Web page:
Kick-Back Friday: #147
Daisy Kenyon (1947): Joan Crawford and her mannered theatrics are such potential distractions in this noir story of a love triangle that the movie’s a qualified recommendation. But director Otto Preminger was apparently able to temper (or tamp down) Crawford’s old-school mugging to the point, at least in some scenes, of producing nearly admirable acting. The fact that Dana Andrews and Henry Fonda (who received third billing) gave naturalistic and relatively understated performances also probably checked Crawford’s hammy tendencies on set—providing that the woman had a modicum of self-awareness.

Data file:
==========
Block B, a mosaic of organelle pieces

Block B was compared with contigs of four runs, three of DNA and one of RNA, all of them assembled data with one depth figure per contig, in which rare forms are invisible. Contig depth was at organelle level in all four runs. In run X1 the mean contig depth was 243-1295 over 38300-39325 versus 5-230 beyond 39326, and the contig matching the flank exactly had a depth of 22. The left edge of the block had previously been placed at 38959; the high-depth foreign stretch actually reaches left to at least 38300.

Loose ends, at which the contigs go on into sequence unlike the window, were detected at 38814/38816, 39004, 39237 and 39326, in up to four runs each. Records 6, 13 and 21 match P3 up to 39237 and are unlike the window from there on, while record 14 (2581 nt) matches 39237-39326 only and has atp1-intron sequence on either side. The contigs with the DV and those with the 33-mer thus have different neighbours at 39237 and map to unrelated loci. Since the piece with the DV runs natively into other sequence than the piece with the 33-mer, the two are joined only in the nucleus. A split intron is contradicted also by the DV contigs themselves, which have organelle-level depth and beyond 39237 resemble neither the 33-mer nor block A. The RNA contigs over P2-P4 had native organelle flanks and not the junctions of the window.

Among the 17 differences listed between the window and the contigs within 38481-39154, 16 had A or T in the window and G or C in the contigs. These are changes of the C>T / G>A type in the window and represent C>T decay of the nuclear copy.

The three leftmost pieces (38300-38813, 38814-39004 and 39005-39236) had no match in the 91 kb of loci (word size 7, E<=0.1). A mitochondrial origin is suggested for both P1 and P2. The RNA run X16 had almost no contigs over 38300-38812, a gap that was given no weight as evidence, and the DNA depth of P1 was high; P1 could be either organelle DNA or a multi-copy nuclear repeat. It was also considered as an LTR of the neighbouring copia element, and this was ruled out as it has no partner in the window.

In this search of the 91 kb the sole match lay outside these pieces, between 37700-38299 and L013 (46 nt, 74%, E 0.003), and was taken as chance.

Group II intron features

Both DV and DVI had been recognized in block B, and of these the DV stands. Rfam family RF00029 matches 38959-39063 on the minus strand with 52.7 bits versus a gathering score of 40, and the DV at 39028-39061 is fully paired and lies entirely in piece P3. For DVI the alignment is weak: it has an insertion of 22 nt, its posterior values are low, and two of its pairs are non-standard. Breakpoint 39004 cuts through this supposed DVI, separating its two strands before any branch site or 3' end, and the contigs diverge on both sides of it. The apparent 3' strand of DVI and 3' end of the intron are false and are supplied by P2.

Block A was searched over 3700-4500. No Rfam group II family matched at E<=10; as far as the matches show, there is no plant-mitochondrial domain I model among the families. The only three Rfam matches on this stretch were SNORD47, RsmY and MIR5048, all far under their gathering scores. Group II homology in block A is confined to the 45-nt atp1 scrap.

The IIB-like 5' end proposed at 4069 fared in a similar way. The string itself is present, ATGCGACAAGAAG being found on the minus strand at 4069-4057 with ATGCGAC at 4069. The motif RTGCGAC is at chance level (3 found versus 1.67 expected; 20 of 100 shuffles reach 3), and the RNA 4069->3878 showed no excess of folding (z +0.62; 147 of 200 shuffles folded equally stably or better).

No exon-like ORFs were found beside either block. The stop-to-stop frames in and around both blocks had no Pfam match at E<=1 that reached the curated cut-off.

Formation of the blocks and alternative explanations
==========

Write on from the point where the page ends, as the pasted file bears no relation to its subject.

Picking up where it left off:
In the DVD commentary, Preminger biographer and fan Foster Hirsch provides thoughtful insight on the director’s stylistic choices, praises the underappreciated Andrews, and describes production dynamics with “Mommie Dearest.” Notable behind-the-scenes skinny from Hirsch are, in part, courtesy of his prior interview with supporting actress Ruth Warrick.